Past Times: Where should school extension be sited?
From The Shetland Times, Friday 27th November, 1959
Where should the extension to Lerwick Central School be sited? That’s a problem exercising the minds of architects and local authorities at the moment.
At a recent meeting of the Property sub-Committee of the Education Committee, the county architect forwarded a reply he had received from Mr R.E. Moira, the town planner, in which reference was made to a development plan of the burgh regarding the Central School.
The plan stated: “The Central School will remain in its present location, and the island site bounded by Union Street, King Harald Street, Scalloway Road and Burgh Road will be acquired for future school use, to provide a site of just under four acres (including the site across King Harald Street).
“The acquisition of the whole site will be generally undertaken property by property, as and when each becomes available, but certain properties on the west side, such as Irvine’s and Brevik Cottages, will be acquired compulsorily or by agreement at an early stage, in order that any new classrooms could extend in that direction and face south.
“Over the ensuing period of years certain of the other properties will be acquired, such as Ordgarff, Nos. 1 and 3 Burgh Road, and Bayview.
Ultimately the remaining properties, Seaview and Johnston Cottage in Scalloway Road, will be acquired, making a compact working site, together with the infant school ground, by which time it might be necessary to rebuild existing buildings to new standards, and the whole island site will be available for this purpose.”
Mr Moira indicated he was strongly of the opinion that it was quite impracticable to split up the Central School into two buildings widely separated, because of the administrative difficulties involved. He advised that the proposals in the development plan for the Central School be closely followed, and that the difficulties of acquiring ground adjacent to the school be faced up to, so that in the future the school will remain a homogeneous unit in the centre of the population.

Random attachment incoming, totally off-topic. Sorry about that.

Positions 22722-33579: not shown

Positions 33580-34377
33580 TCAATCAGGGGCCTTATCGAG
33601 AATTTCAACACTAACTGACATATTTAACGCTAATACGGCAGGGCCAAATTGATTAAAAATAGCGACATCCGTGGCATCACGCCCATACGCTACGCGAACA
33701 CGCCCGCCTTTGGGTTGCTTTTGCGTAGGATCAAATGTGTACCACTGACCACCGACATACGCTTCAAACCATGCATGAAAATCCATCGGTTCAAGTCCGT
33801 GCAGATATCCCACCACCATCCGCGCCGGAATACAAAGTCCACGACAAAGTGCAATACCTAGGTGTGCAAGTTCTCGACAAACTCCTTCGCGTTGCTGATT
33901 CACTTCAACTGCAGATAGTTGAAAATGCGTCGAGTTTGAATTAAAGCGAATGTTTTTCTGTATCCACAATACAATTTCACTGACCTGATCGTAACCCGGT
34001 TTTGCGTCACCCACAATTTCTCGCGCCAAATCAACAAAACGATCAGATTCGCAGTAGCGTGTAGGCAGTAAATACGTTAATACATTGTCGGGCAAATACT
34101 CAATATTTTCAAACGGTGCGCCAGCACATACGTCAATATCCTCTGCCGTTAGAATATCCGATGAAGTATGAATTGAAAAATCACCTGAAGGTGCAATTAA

The director of education expressed the view it would be bad educational policy to divide the present Central School still further by building a new secondary department on an independent site (South Lochside has been suggested), as this would mean in effect, that five schools were being established in Lerwick for approximately 1,200 pupils.
The county architect agreed that the area referred to in the development plan would have been the correct development if the site could have been readily acquired property by property but he was rather hesitant about the matter if the extension to the school became dependent upon compulsory acquisition of the site.
The correspondence was referred to the working party appointed to deal with the site question.
At a meeting he had with the Town Council, Mr Moira emphasised that his original proposal was still the best possible planning.
It was pointed out, however, that the policy of acquiring properties surrounding the existing school was a long-term project, and no action had yet been taken to implement the plan in this respect. The Education Committee were faced with an immediate need for further accommodation, and an early solution must be found.
The Council agreed that the Education Committee should be asked to call Mr Moira to the meeting at which the question of siting the school was to be considered.